Title: Slow Dance
Written by: Diane Frolov and Andrew Schneider
Directed by: David Carson
Aired: May 20, 1991
Log Line: The curse of Maggie has struck again and poor Rick is the victim of “death by falling satellite.”
Listen to our discussion of the episode here.
Death and Levity
If you’ve listened to the podcast of this episode, you might notice that Shane and I strongly disagreed over the humour of a key scene from “Slow Dance.” We write, of course, about Rick’s funeral scene, when the customized black metal coffin with long bits of metal sticking out is being brought in, and slowly, ever so slowly, people start to titter, and giggle, until the whole church erupts in uproarious laughter at the end of the scene.
To me, this scene encapsulates the balance that Northern Exposure achieved in being both a drama and comedy. Of course, Josh Brand, the co-creator of the show, joked after winning an Emmy in 1992 for Outstanding Dramatic Series, “Well, I guess we can reveal it to them now, that we really are a comedy.”
But let’s take a step back and examine the situation. The show kills off the well-liked recurring character, Rick. In previous episodes, he had been portrayed as an easy-going, laidback, outdoorsy guy (in a great performance by Grant Goodeve). By all accounts, this should be a sad episode, because for the first time someone we’ve gotten to know on the show has died (previous deaths have been minor ones: Soapy Sanderson from 1.3, who we see only for about 5 minutes, and the unknown man from 2.3). We have seen the show deal with death in a serious, mournful way in “All Is Vanity,” where residents attend a funeral pyre and see their own mortality reflected in the stranger.
It is definitely more challenging to venture in the path of comedy when it comes to death (Maggie is literally told of Rick’s death via a joke). But that’s what makes the show so good – the fact that it takes risks, and assumes that the audience will rise up to the material (instead of the material ‘dumbing’ down to viewers). But let’s break it down: how does the episode prepare us for the mournful levity that is to come?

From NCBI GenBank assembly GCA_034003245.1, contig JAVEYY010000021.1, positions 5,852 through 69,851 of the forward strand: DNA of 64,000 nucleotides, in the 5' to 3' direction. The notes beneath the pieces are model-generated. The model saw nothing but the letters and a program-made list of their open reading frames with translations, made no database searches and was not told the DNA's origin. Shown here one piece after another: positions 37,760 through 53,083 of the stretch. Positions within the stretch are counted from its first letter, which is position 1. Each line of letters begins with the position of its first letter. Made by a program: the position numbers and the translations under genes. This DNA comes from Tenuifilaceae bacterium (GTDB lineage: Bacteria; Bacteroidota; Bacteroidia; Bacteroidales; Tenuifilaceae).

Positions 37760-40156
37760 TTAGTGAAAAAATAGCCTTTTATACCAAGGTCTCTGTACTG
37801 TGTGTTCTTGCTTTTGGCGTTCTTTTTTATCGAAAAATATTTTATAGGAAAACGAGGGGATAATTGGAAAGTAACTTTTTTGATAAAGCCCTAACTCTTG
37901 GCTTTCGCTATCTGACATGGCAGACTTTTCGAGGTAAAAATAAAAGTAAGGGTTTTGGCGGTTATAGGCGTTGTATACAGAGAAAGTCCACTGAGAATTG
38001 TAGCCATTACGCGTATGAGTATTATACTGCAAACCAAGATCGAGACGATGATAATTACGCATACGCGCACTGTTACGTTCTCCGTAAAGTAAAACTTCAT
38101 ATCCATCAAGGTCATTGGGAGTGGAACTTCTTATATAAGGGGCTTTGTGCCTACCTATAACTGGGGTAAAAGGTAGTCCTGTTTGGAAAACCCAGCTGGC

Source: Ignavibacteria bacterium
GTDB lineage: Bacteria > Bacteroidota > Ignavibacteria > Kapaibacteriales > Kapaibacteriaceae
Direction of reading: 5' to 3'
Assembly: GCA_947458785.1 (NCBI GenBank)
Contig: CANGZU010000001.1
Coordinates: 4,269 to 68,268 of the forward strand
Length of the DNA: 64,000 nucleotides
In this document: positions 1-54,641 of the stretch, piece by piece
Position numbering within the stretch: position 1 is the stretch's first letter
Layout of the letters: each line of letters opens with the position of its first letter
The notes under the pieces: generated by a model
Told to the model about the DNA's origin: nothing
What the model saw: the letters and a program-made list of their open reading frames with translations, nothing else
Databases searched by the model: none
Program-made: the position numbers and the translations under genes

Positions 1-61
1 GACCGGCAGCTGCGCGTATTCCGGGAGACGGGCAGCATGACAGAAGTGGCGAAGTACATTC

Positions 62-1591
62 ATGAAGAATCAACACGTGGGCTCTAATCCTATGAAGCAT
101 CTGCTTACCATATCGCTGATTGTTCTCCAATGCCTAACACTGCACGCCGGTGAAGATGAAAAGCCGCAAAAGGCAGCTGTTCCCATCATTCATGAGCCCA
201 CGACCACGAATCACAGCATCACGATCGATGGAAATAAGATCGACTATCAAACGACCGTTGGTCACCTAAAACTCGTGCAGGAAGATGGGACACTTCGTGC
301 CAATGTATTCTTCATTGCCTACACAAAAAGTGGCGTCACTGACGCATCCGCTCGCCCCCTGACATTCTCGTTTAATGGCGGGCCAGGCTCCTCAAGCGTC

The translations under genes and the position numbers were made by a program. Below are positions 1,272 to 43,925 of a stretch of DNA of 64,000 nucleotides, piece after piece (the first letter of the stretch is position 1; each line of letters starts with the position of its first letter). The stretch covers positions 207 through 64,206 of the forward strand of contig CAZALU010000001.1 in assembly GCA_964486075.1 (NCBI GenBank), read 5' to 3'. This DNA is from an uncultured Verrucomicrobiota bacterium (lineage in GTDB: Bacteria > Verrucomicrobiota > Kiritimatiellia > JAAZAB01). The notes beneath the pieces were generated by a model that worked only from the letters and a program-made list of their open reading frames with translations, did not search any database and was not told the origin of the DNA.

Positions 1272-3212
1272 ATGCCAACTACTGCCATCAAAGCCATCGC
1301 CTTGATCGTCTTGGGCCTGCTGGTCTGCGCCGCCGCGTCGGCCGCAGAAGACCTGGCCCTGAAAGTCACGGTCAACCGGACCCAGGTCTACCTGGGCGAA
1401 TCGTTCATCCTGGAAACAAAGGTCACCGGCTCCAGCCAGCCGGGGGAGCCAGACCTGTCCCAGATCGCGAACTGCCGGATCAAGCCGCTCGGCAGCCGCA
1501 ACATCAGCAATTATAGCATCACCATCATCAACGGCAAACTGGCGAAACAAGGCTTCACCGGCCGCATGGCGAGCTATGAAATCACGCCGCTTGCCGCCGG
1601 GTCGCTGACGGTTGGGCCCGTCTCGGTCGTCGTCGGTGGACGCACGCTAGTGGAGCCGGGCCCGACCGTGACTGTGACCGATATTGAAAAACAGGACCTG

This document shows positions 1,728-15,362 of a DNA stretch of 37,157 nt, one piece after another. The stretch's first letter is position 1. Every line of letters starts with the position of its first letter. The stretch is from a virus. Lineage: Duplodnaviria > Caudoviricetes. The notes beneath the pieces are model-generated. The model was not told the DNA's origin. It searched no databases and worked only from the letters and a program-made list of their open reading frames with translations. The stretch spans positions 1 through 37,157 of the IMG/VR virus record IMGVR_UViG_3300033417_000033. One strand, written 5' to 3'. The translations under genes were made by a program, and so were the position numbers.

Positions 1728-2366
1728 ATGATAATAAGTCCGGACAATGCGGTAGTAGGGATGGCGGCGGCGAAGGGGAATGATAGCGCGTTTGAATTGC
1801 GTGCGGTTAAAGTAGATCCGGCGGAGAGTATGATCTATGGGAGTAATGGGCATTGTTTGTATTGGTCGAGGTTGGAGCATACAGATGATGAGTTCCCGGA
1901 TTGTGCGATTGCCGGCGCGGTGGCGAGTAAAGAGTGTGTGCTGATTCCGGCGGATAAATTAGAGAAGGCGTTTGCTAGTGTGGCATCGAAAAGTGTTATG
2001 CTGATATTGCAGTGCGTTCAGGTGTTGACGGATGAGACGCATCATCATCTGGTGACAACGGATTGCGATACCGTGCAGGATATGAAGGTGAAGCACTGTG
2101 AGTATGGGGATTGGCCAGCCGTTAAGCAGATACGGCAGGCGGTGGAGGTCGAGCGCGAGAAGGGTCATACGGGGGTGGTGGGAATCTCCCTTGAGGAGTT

The Absence of Rick
In the second season, Rick has been noticeably absent. His only appearance prior to 2.7 was in the first episode “Goodbye to All That,” in a very brief scene at the Brick (he is only glimpsed while with Maggie, and doesn’t even have a line). However, even though we rarely see him, he is still very much there: Rick is mentioned as being away in “The Big Kiss” (says Joel: “…remember him? Big guy with landing gear for brains?”), “All Is Vanity,” “What I Did for Love,” and “Spring Break.” He is there and not there. Viewers know he’s still in the picture, but they’ve gotten used to him not being around.
The episode subtly prepares us for Rick’s demise. In retrospect, many elements in the early part of the episode serve as foreshadowing for the death.
– In the first scene, while flying, Rick suggests that he and Maggie “go away for a couple of days” (sadly, he will end up going away for much longer than that)
– Chris mentions that the NASA Comsat 4 satellite was scheduled to fall to earth from space (and topples a dinosaur figurine with a rubber ‘meteor’)
– Maggie reports Rick’s colorblindness to the FAA, in part for her fears of Rick getting into a flying accident.
– In the scene at the Brick when we first see Holling and Anita, the song “Sugar Moon” by K.D. Lang playing in the background mentions “heaven” (note: this is replaced in the DVD version). The lyrics include following lines: “I can see us right now / get the calendar down/ draw a circle around/ The day we’re heaven bound”
– In Rick’s death scene, we see an owl. In Western cultures, the owl symbolizes wisdom, but in many other cultures (including in Kenya, and some Native American cultures) the owl is seen as a harbinger of death.
The manner of Rick’s death, by satellite, sets up the premise that he has achieved (this is of course, not the right word) something rare and stupendous: a next step in human evolution, or as Chris says:
“I’m just thinking he might be the next step in this evolutionary process. Dig this: Yesterday, when NASA’s sweet flower of the imagination married Rick, he crossed the line between man and machine. He became the future: Homo novus, the new man. Think about that.”
Rick’s death is framed in a very curious manner. Ed even exclaims that Rick is lucky: “How many people get to get hit by satellite. I bet he makes the Guinness Book of World Records.”
While Rick’s death is sad, the way he went out is special, unique and (quite literally) otherworldly. We are reminded of Maurice’s fear of “going out with a whimper instead of a bang.” Rick very much went out with a bang.
The individual tragedy of Rick’s death is offset by being framed as one of a series in the Rolodex of Maggie’s dead boyfriends. Says Chris, as he recounts the deaths: